• Are people not filling out all of the needed information when creating issues?
  • Do people not submit issues because it’s too much work?
  • Are certain fields collecting bogus information because end users don’t understand them?

8 cures for common field-itis

1. Ensure the field meaningfully impacts the business

JIRA administrators, when someone asks you to add a field into JIRA, I’d encourage you to always ask the following questions:

  • What is the business value of this field? In other words, how does knowing this information meaningfully impact how you do your job?
  • What is required of the end user to submit this information? How long does it take a user to reliably collect and submit the information correctly? Is there any way to automate capturing that information?
  • When in the issue lifecycle do you need this information?

Every field has a cost. Users have to:

  • Understand what the field is
  • Enter initial data
  • Update it as its value changes over time

For fields to be useful they need to be filled out and current.  When the system becomes cumbersome, users no longer enter quality data. Field rot then sets in as the data is no longer dependable. Ensure each and every field is legitimately needed.

2. Order fields on screens

By default, JIRA adds new fields to the bottom of the screen. When a JIRA administrator initially builds a screen, all the fields are in a logical order for that application. As the team needs extra fields, take the time to add them to the right place on the right screen in JIRA. Doing so will optimize the data entry experience for your end users?  Forms should have flow. Each new field should bring a user closer to completion. Let’s look at two forms (click to expand):


While the first one captures all the right data, the second screen has flow. Ask a few people who use each screen on a regular basis if the flow is right. Tuning flow will help users get better data into JIRA making for a more optimized team.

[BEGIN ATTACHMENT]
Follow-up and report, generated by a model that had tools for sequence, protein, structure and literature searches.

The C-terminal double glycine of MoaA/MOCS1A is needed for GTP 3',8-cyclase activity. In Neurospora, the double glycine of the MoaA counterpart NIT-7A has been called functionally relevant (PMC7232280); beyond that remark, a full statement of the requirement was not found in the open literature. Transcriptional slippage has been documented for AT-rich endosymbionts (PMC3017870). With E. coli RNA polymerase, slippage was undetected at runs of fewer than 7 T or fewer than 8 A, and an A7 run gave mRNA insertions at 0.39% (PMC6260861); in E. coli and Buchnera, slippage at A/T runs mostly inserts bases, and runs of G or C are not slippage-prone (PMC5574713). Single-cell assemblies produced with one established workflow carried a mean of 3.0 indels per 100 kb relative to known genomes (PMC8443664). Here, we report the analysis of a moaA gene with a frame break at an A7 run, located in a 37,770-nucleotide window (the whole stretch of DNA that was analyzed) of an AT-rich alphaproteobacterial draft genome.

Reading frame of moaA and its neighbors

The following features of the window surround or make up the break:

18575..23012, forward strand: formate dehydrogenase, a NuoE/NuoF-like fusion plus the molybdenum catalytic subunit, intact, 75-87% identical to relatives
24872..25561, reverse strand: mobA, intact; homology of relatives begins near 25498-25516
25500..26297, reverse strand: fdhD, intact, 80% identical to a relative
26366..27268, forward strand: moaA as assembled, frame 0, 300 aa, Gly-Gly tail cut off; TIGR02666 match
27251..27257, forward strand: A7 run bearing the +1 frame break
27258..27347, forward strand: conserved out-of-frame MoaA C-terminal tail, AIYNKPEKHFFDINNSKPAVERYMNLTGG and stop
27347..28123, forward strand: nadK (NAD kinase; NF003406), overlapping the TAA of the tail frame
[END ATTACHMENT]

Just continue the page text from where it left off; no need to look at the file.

3. Fill out the field description

Every custom field in JIRA has an option to give a description of that field. Make use of that description so that users can learn what information is needed in that field. I’d keep the description short so that the overall screen remains compact. You can use HTML in field descriptions so that it’s easy to link off to more extensive documentation. For example, let’s look at a sample description for a field called build number.

The build number is the current version of software. See the build docs for how to find the build number.

Educating your users goes a long way to making everyone more efficient on the team.

4. Respect the required option

If you take one piece of advice from me in this post, make it this one: Use the required attribute carefully. There is a strong temptation to make fields required.  You need the data right? So why not ensure my users enter it? Well, if your users don’t know what to enter they may give you bad data – and bad data is worse than no data. It’s hard to get rid of bad data in searches and makes reporting a nightmare.